On March 27, President Trump signed legislation striking down the U.S. Department of Labor’s so-called blacklisting rule, which would have given federal agencies greater latitude in denying federal contracts to companies with labor-law violations. A federal judge placed the rule on hold last fall, but congressional lawmakers moved forward with a resolution of disapproval under the Congressional Review Act—passing the House 236-197 and Senate 49-48—that invalidates the blacklisting rule and prevents a future administration from issuing a similar order or rules in the future. For more information, view our client briefing “President Trump Signs Bill Revoking “Blacklisting Rule.”     

On March 7, President Donald Trump met with AFL-CIO President Richard Trumka to discuss trade policy and infrastructure.      

Under a fast-moving House bill, the Official Time Reform Act (H.R. 1364), federal employees who spend 80 percent of their time during the course of a year on union duties would not get credit for that time for purposes of their retirement benefits. The bill would also restrict union officials from receiving recruitment, retention, and relocation bonuses from agencies. The American Federation of Government Employees warned that the measure would take away AFGE’s ability to defend employees who face retaliation, and Democratic House members say the bill could harm whistleblowers at federal agencies.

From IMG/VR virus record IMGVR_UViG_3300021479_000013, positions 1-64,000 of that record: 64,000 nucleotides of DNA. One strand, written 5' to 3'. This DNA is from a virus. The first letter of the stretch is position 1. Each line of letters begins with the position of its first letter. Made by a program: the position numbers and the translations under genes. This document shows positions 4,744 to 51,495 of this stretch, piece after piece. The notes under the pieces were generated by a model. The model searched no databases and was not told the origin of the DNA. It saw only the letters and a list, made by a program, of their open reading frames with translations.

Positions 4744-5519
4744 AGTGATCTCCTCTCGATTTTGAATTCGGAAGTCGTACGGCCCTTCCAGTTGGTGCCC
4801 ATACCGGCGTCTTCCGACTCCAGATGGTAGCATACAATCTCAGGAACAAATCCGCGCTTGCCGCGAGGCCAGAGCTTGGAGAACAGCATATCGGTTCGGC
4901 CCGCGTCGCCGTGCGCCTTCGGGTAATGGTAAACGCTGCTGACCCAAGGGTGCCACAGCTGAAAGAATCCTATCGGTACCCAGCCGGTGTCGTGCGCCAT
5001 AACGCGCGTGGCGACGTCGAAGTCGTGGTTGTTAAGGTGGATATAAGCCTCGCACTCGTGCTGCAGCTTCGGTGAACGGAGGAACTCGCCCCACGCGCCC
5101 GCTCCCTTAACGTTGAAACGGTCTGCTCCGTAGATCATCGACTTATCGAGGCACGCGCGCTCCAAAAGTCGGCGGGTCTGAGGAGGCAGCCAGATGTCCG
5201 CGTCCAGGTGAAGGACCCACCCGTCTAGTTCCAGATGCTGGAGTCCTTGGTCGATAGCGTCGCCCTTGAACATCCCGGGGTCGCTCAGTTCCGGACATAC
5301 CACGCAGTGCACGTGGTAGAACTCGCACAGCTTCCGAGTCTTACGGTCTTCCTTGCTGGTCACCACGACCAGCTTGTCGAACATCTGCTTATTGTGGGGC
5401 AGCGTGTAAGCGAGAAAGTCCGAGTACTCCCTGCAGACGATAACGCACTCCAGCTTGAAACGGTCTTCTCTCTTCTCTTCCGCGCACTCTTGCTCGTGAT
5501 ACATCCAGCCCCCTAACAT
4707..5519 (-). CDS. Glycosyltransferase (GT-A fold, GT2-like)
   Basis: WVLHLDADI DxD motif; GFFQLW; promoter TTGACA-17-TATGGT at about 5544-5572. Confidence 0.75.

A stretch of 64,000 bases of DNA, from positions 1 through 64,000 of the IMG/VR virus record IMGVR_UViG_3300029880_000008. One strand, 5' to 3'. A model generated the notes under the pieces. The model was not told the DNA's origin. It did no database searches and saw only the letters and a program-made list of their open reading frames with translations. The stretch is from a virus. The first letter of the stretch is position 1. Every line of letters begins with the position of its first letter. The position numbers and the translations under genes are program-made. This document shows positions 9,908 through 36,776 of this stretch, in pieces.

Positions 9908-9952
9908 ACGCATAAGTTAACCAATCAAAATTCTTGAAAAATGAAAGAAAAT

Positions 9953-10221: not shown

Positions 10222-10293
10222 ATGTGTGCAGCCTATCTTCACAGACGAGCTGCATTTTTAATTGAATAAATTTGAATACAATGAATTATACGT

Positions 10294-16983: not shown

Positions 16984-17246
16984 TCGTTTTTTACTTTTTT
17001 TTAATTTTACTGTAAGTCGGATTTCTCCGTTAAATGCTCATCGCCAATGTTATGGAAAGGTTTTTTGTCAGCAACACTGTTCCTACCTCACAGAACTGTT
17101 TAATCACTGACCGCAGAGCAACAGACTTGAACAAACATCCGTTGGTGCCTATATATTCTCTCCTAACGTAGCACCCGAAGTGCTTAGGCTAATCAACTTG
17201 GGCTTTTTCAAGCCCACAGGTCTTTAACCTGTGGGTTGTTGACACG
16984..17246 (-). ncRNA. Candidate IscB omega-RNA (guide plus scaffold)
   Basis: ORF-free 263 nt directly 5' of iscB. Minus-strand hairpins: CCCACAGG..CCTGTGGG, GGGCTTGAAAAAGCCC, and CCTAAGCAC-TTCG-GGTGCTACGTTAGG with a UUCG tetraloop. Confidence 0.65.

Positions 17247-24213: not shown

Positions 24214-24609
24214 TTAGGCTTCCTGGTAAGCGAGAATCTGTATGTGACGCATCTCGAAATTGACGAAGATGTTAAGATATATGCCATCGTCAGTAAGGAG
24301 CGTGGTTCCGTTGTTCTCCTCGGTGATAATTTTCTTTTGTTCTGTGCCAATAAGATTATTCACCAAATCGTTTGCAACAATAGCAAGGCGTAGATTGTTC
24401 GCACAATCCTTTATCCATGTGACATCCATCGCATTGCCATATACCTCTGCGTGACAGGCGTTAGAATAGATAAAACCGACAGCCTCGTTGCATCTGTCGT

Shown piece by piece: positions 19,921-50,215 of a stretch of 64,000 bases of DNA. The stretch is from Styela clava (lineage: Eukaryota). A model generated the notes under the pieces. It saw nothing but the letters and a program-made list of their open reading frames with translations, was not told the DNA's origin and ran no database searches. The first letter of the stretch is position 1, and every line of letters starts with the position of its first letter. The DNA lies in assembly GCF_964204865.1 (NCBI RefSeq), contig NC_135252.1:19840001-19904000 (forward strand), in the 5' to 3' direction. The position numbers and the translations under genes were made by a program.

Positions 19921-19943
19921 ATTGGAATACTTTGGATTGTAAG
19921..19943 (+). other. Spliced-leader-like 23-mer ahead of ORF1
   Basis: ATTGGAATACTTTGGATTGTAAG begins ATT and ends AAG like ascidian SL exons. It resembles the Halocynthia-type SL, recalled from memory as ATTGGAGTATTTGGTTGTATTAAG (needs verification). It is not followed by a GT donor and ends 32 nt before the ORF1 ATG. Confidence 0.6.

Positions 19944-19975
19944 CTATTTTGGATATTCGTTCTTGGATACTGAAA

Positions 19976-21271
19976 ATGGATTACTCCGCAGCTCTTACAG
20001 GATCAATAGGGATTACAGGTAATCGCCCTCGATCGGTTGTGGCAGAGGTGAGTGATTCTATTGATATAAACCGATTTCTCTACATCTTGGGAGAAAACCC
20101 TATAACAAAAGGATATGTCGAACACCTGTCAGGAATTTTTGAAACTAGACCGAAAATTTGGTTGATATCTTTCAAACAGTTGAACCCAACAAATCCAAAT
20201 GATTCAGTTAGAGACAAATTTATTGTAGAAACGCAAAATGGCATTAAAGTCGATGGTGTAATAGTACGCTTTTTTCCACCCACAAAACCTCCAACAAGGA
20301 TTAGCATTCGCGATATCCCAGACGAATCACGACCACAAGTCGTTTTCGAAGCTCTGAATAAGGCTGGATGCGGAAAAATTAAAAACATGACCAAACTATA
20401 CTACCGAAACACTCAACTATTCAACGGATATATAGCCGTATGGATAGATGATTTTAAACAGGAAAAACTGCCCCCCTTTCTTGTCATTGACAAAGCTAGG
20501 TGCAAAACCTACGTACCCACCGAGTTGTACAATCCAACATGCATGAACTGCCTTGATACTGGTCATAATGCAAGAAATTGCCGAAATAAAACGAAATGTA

The Wisconsin Assembly passed Senate Bill 3, which will bar state and local government units from establishing bid specifications that require contractors to use unionized labor. Wisconsin Governor Scott Walker (R) is widely expected to sign the bill.     

West Virginia Governor Jim Justice (D) vetoed a bill (SB 1) that would have updated the state’s right-to-work law, the Workplace Freedom Act. The Workplace Freedom Act was preliminarily enjoined by the state’s courts last August. In his veto message, the governor said that he was not going to sign the bill because of the pending litigation.     

S.B. 13, which would end Texas’ practice of collecting public employee membership dues for specific labor unions, has passed the Texas Senate and is headed to the House. S.B. 13 would apply to state employees, including teachers and corrections officers, but exclude police officers, firefighters, and other emergency first responders.